The work of a doctoral student at the University of Technology Sydney (UTS), Xun Wang, may provide some indication of new tools that safety & HR managers could be using in the future. Continue reading “Artificial intelligence in safety”

Gods and Leaders – the fantasy distraction of the safety profession

For years, safety professionals have whinged about their profession and their skills not receiving the attention of Chief Executive Officers and board members.  They take some solace in the occasional missive that executives understand leadership and, by extension, safety leadership but the reality is that OHS professionals do not understand CEOs.

CEOs are Olympian Gods and OHS professionals live amongst the crowd of citizens in the valleys.  Occasionally a God will go slumming and have sex with one of us but it does not mean that they respect us or, even that they will remember our name.  If we are lucky, they may remember that we were welcoming.

CEO attitudes were discussed in the Australian Financial Review on 21 May 2010, in an article about corporate governance Continue reading “Gods and Leaders – the fantasy distraction of the safety profession”

Lack of separation of pedestrians and forklifts results in $A24k fine

SafeWorkSA has released details of a successful OHS prosecution concerning forklifts, yet again.  But the full judgement has more management information than is usual and deserves to be read in full.

The circumstances, according to a media release (not yet available online) are

“…an incident… in August 2007 in which a 56 year old delivery driver tripped over the tines of a forklift which was about to exit the curtained doorway of a cold-room.”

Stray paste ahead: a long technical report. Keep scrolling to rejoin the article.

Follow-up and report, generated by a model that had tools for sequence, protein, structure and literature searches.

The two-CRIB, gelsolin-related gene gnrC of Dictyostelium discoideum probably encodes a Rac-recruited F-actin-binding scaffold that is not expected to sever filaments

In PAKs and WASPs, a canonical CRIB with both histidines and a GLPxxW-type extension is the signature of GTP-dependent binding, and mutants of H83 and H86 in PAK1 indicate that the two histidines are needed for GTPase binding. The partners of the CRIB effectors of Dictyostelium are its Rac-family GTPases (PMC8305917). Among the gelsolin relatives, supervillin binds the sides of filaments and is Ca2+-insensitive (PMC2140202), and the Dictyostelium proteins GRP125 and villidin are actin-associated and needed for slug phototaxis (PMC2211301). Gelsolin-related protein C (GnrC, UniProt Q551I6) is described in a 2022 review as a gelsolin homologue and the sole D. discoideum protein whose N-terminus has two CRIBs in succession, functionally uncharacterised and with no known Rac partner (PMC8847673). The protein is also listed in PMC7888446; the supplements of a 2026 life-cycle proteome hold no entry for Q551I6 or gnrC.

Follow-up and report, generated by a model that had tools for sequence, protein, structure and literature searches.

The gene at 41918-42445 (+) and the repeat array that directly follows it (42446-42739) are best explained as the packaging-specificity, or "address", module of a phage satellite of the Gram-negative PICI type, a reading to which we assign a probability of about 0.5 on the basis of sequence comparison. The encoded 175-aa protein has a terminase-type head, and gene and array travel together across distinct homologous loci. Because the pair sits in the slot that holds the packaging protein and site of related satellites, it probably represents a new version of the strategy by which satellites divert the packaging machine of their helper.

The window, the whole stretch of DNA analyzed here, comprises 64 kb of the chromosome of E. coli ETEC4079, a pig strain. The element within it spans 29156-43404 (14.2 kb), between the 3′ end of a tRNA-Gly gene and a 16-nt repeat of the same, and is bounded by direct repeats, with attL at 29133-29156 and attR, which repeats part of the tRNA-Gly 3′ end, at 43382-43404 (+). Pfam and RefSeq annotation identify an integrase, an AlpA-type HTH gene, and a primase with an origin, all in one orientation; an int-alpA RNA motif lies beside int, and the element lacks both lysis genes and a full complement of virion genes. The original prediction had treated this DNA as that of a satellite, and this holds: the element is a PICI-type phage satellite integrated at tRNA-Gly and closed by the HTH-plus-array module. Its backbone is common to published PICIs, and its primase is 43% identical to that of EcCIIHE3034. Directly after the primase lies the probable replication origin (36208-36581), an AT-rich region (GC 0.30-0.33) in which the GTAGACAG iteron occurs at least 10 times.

The judgement in the South Australian Industrial Court expands upon the charge:

“… that Kerafi, being the occupier of a workplace, had failed to ensure so far as was reasonably practicable that means of access to and egress from the workplace was safe.   Continue reading “Lack of separation of pedestrians and forklifts results in $A24k fine”

The Astonished Manager: Not in my wildest dreams

Dr Yossi Berger of the Australian Workers Union has been reading some of the debate in SafetyAtWorkBlog and offered the article below for publication.  He said to SafetyAtWorkBlog

“…in relation to BP’s OHS catastrophes and comments about their management style, their managers and this aspirational, easily-bandied-about notion of workplace culture.  Two things stimulated me to put together this comment below: first, on the back of some 2000 workplace inspections across Australia and some internationally I have not detected this thing called ‘workplace culture’ other than as a cheap metaphor and ploy to manipulate; even if you chose to think of this phenomenon as ‘shared values and how we do things here’.   Secondly, there’s terrible and dangerous bullshit going on in relation to ‘personality cult’, ‘disconnect’ (‘no one told me’), and ‘it couldn’t happen here because we care’.”

Yossi Berger in Beaconsfield Mine

Continue reading “The Astonished Manager: Not in my wildest dreams”